What are the odds? Australians gambling less

Australians are gambling less across all categories, according to new research, reflecting “a large drop” in the past decade.

This is the overall finding of Roy Morgan’s ‘Gambling Currency Report’, which includes detailed questioning of more than 7,000 gamblers.

Ten years ago, nearly two thirds of the Australian population aged 18-plus (64.7 per cent or 10.5 million people) gambled in an average three months.

This proportion has now fallen to just 47.9 per cent or 9.3 million.

Lottery and scratch tickets record biggest drop

Not only has the overall proportion of gamblers fallen, but participants in all major types of gambling have fallen too.

The biggest drop in participation over the decade was for lottery/scratch tickets. These were down 16.3 percentage points to 40.1 per cent. Nevertheless, they’re still by far the most popular gambling category.

Poker machines showed the next biggest loss, declining by 11.9 percentage points to 13.7 per cent.

Finally, betting fell 5.9 percentage points to 9.4 per cent.

Gambling less popular with younger people

The overall participation in gambling is lowest for the 18-24 age group, at 25.7 per cent. They’re followed by 25-34 year-olds, at 37.5 per cent. Both are well below average.

The highest participation is for those aged 50-64, at 61 per cent. Those aged 65 and over are at 57.8 per cent.

Over the last decade, the 18-24 group showed the biggest decline in participation, down 26.1 percentage points. However, all ages under 50 showed an average decline of 16.8 percentage points. By contrast, the 65-and-over segment showed a much smaller decline of 8.1 percentage points.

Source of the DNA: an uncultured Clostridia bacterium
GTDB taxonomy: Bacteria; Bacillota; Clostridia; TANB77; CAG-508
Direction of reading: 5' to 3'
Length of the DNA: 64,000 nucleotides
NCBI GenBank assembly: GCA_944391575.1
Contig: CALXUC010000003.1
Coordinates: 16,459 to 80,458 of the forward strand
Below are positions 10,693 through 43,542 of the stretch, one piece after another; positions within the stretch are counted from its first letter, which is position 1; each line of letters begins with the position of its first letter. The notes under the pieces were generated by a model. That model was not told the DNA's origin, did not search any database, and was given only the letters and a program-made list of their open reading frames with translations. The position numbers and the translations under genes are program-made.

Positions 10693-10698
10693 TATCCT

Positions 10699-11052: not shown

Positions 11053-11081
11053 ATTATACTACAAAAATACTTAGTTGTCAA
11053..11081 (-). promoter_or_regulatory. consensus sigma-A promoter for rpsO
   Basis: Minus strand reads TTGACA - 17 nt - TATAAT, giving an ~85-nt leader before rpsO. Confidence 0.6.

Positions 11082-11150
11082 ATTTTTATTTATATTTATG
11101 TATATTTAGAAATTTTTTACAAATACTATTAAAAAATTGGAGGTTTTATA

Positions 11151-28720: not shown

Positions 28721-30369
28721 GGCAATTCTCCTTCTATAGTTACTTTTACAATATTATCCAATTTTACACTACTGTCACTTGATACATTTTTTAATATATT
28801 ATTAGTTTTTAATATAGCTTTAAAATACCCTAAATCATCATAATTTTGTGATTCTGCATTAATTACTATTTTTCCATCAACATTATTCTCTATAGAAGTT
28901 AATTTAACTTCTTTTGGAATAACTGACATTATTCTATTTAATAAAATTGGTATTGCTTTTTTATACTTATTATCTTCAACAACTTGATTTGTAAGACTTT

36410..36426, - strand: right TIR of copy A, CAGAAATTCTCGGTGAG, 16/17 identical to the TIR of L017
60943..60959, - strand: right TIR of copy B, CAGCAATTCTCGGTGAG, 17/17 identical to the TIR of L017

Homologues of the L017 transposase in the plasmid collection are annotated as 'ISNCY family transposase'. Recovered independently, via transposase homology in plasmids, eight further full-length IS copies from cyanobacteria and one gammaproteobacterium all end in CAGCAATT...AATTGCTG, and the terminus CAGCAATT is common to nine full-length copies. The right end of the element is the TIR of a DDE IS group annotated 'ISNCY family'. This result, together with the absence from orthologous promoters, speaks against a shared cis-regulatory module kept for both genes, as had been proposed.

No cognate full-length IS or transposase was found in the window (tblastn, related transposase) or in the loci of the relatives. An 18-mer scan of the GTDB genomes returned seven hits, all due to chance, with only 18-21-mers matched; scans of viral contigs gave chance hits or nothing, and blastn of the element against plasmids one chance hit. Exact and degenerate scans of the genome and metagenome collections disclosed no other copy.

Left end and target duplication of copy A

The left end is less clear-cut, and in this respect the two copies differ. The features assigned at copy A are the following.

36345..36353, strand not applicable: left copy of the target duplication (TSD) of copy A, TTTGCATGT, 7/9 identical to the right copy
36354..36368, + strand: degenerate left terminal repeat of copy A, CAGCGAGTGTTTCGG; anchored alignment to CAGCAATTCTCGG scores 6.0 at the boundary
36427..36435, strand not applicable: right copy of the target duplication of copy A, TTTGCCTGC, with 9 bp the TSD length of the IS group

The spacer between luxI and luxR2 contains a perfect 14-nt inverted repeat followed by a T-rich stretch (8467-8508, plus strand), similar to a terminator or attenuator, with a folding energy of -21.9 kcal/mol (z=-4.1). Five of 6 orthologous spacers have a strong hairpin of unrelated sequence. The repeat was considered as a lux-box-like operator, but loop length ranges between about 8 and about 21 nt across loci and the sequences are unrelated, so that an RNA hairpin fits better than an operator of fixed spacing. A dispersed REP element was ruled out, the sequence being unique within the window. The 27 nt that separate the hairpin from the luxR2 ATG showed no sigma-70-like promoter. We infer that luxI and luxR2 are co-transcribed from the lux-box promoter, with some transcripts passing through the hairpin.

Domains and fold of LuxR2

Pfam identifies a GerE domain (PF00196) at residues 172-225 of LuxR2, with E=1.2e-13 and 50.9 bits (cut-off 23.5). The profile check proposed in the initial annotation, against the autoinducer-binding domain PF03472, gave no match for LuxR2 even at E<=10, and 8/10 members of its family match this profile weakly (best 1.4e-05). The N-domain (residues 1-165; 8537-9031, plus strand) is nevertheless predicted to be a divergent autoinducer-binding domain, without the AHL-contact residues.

Betting in decline too

Participation in high-profile betting, covering all types of racing and sports, has fallen too. Now, just 9.5 per cent of the population takes part, down from 15.3 per cent a decade ago. Although all age groups have shown declining participation, the greatest decline is in those under 50.

Betting seems to increase with age, going from only 4.7 per cent for those aged 18-24 up to 11.7 per cent for the 50-64 age group. However, the 65-and-over segment are around the market average on 9.5 per cent (market average: 9.4 per cent).

‘Falling out of favour’

Roy Morgan Industry Communications Director Norman Morris pointed out that, despite these falls, just under half (47.9 per cent) of the Australian population over 18 (9.3 million people) still engage in at least one form of gambling in an average three months.

He also attributed the decline of gambling primarily to stiff competition from other leisure pursuits.

“The fact that less Australians of all ages are gambling, in a market with an increasing number of gambling options, is likely to be as a result of it falling out of favour as it competes with a proliferation of other entertainment and leisure activities,” he said.

“Increasing warnings and publicity given to potential gambling problems may also discourage participation,” he added.

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